The trio of performances at the film’s core are all excellent, with Keir, Donald and Glover all bringing something different to proceedings, almost as if they are different aspects of human nature. [I leave it as an exercise to work out who are the id, ego and superego…] The only weakness in the cast is Shelley, and that’s not her fault since her character, scientist, Barbara Judd, feels sharply underwritten in comparison. Naturally, it’s the woman who proves most vulnerable to the alien influence, causing her to be called “overwrought.” Shelley, likely the queen of Hammer, deserved better in her final appearance for the studio. RIP to the actress, who died less than two weeks ago.
Especially in the second half, as things escalate out of control, this seems increasingly a major influence on Tobe Hooper’s expensive piece of wonderful trash, Lifeforce. The director seems to have acknowledged as much, saying of his movie, “I thought I’d go back to my roots and make a 70 mm Hammer film.” I just don’t recall Shelley wandering round naked for the duration. Maybe that’s only in the legendary Japanese version of this Hammer movies, I heard so much about… Snark aside, and much as I love Lifeforce, I can’t argue other than that Quatermass and the Pit is a superior movie. It goes to show that cutting-edge effects, while certainly nice, are by no means required when you have a well-written script and committed, engaging performances from the cast. Baker, in his debut for Hammer, hit this one out of the park, even if he’d never quite reach the same heights again for the studio. This was just one of those films where everyone brought their A-game, and the results are there for all to enjoy and appreciate. Truly a timeless classic.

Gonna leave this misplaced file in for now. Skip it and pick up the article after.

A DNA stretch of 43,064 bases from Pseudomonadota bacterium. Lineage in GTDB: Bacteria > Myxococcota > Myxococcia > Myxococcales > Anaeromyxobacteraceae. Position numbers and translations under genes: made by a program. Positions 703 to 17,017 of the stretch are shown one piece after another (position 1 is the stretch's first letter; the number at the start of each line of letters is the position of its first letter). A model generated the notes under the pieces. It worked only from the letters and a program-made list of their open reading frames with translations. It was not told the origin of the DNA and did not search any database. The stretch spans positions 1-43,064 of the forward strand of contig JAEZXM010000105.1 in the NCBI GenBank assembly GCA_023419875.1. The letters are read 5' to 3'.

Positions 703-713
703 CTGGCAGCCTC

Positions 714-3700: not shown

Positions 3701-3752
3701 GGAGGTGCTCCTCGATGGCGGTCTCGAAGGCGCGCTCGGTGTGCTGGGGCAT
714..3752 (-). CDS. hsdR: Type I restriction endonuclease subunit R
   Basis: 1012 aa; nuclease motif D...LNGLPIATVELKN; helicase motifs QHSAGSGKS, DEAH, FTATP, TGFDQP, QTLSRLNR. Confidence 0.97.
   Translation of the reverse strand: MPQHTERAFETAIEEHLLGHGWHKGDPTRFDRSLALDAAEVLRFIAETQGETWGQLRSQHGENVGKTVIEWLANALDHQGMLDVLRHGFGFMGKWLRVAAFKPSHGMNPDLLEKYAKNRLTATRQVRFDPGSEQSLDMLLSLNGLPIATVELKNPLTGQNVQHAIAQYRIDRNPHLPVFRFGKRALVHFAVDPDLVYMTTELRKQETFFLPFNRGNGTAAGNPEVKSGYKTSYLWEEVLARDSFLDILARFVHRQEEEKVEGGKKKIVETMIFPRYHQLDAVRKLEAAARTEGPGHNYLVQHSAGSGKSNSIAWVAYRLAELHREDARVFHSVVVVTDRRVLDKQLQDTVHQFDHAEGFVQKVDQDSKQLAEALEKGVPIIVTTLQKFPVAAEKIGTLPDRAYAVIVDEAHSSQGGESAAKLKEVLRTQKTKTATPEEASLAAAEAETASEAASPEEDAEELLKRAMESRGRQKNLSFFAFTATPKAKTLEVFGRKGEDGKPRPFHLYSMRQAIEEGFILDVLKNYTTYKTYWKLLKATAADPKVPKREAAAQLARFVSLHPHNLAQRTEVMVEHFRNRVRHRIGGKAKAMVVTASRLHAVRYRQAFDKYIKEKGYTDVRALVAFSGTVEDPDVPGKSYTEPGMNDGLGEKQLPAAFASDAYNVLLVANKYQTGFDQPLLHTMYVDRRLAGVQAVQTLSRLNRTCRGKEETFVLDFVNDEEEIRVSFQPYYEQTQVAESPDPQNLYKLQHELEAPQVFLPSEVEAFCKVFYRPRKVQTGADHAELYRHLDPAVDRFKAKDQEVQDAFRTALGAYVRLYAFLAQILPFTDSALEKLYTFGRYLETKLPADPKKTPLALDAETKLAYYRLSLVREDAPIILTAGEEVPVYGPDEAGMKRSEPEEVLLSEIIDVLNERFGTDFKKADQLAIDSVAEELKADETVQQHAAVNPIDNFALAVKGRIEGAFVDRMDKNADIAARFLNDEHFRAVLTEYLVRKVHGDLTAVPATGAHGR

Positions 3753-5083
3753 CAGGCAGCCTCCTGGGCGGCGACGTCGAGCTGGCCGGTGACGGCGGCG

[November 2010] One of my all-time favourite Hammer films, it completely creeped me out as a kid – the visions in particular – and has stood the test of time very well, despite some flaky FX, especially the “levitating tools”, which are clearly swinging from strings. Otherwise, it’s almost perfect SF, thanks mostly to Nigel Kneale’s script, which creates a marvellously-spooky atmosphere, even in the little touches, as we gradually find out the truth about the craft and its occupants. Watching it now, I couldn’t help notice the strong anti-military stance, with Breen coming over as a real arse.
I’m interested in tracking down the TV series version, from almost a decade previously, for comparison. Keir certainly nails the persona of Quatermass, despite the original choice being Kenneth More, who had starred in Baker’s A Night to Remember. The supporting cast are almost as good, though Shelley’s assistant to Roney is largely kept safely out of harm’s way; well, this was the sixties after all… But it’s still smart, thoughtful science-fiction, which has rarely been done better, even as we approach its fiftieth anniversary.
This review is part of Hammer Time, our series covering Hammer Films from 1955-1979.